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BT : Mitigating Blockchain Attacks

11 April 2018

U.S. Patent No. 9,807,106

British Telecom

Title : MITIGATING BLOCKCHAIN ATTACK

 

Inventors: J. Daniel, G. Ducatel, & T. Dimitrakos

Issued : October 31, 2017

Priority : July 31, 2015

 

 

U.S. Patent No. 9,807,106 (“the ‘106 Patent”) seeks a front-end solution for improving detection of fraud on a blockchain.  The patent claims require monitoring and detection of “deviations,” but the gem of this patent lies in the simplicity of making more information readily available.

 

The ‘106 Patent seeks to mitigate Blockchain fraud, such as enabling detection of a majority attack.  This technology appears to operate within any suitable Blockchain environment, adding intermittent processing steps and making more information publicly available.

 

The ‘106 Patent adds a “security component” 202 into the Blockchain environment.

… the security component 202 generates a new data structure known as a profiler data structure (hereinafter, profiler) for storage in the Blockchain 206.  The profiler includes executable logic that is executed when the profiler is validated by a miner 204.  (col. 4, ll. 50-54)

 

This executable logic allows for the (intermittent) generation of identifiers on the Blockchain.

The profiler logic includes code to cause the generation of new transactions for storage in the blockchain known as profile transactions.  In particular, the profile transactions are generated by the profiler according to one or more rules specified in a transaction creation profile that is codified in the profiler logic.  The transaction creation profile … determines when profile transactions are to be generated by the profiler.  (col. 4, ll. 54-62)

 

The ‘106 Patent discloses the “Security Component” generating this “Profiler Data Structure.”  The Profiler Data Structure includes: (a) executable logic determining when the Profile Transaction is to be generated; and (b) what this Profile Transaction looks like. (col. 4, ll. 54-62).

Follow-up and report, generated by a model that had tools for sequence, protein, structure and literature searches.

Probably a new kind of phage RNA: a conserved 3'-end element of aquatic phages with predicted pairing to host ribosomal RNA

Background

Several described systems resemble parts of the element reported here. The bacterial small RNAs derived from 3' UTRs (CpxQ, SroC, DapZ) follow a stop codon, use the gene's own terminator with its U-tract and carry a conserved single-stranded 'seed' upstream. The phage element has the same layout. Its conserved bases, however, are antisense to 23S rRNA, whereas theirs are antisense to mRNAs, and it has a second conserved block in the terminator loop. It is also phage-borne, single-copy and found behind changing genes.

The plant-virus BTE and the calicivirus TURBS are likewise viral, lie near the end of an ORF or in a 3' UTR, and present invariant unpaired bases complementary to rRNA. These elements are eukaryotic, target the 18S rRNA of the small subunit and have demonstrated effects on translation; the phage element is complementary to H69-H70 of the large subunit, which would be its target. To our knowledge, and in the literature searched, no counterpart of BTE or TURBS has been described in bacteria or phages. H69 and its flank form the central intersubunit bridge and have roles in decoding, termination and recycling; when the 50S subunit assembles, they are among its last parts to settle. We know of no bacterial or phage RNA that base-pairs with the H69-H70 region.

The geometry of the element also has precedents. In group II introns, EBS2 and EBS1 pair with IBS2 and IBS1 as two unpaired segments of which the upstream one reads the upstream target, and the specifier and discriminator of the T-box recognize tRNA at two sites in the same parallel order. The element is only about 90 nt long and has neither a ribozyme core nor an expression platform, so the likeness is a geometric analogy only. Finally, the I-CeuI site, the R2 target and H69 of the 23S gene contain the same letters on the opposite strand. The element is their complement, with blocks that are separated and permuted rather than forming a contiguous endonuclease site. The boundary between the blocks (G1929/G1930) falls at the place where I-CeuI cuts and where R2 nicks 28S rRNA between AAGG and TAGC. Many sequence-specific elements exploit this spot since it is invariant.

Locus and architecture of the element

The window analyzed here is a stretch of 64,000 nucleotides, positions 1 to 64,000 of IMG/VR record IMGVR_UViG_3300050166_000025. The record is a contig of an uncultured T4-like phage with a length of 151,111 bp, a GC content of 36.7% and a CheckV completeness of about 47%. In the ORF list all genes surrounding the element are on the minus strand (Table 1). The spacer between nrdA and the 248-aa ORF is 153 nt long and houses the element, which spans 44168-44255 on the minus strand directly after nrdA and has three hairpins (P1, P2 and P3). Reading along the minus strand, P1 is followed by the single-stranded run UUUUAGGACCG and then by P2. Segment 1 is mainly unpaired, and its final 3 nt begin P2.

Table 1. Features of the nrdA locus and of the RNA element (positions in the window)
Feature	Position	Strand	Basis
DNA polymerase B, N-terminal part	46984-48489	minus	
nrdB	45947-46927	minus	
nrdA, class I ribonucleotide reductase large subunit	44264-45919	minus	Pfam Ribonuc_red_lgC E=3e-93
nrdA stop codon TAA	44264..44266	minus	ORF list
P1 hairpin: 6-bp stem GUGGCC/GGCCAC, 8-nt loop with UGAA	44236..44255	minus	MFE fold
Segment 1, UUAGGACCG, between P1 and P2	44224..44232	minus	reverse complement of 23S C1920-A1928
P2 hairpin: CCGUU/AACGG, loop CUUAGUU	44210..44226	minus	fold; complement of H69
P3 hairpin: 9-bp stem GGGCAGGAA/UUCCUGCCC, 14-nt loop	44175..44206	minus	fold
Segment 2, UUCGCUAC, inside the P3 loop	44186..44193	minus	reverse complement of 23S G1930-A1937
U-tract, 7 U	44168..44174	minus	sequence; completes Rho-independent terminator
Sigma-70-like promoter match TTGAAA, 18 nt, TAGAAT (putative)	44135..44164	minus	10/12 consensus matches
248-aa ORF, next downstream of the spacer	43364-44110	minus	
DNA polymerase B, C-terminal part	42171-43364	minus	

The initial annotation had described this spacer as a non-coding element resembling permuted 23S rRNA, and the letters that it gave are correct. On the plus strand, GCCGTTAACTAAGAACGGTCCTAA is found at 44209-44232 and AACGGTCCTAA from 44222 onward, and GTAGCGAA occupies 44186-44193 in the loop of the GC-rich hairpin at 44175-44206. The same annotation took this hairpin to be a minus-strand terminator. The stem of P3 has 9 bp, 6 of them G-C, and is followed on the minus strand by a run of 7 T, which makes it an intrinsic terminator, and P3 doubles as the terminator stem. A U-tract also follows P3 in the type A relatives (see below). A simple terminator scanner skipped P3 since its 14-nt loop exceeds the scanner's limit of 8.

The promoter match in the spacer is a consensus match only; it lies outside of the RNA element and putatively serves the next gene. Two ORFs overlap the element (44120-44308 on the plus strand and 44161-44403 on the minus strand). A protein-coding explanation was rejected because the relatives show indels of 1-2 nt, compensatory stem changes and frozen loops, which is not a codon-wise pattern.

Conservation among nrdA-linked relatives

The “Profile Transaction” is then added to the Blockchain, stored as part of the block of transactions.

Attack detection is performed by monitoring the Profile Transactions added to the Blockchain.

 

 

The security component 202 monitors the blockchain to ensure the generation of profile transactions complies with the transaction creation profile. Generation of profile transactions in compliance with the transaction generation profile indicates faithful validation and execution of the profiler by miners 204. However, where profile transactions do not appear in the blockchain 206 as expected then non-compliance is identified and a malicious event occurring in respect of the blockchain 206 is detected.   (col. 5, ll. 26-34)

 

 

Furthermore, upon detection, the ‘106 Patent notes mitigating actions:

 

Accordingly, the presence of malicious or erroneously operating miners 204 can be identified and mitigating or remedial action can be taken. Such action can include: generating an alert; communicating the non-compliance with the transaction creation profile to other entities operating with the blockchain 206, such as other computer systems relying on the blockchain 206; terminating access to the blockchain 206; protection of assets recorded in and dependent on the blockchain 206; and inspection of transactions occurring in the blockchain for further anomalous, erroneous and/or malicious occurrences.  (col. 5, ll. 41-51)

 

The ’106 Patent expressly notes a Blockchain environment suitable for its technology, Ethereum.  The proposed solution is making Profile Data Structure an Ethereum contract and Profile Transactions are Ethereum message transactions.

 

Thus, the ‘106 Patent offers a novel solution for making more information generally available within a Blockchain.  Analysis of that data can improve fraud detection and thus adding additional layers of integrity to distributed ledger solutions.

The ‘106 Patent was prosecuted by Patterson Thuente Pederson, P.A.

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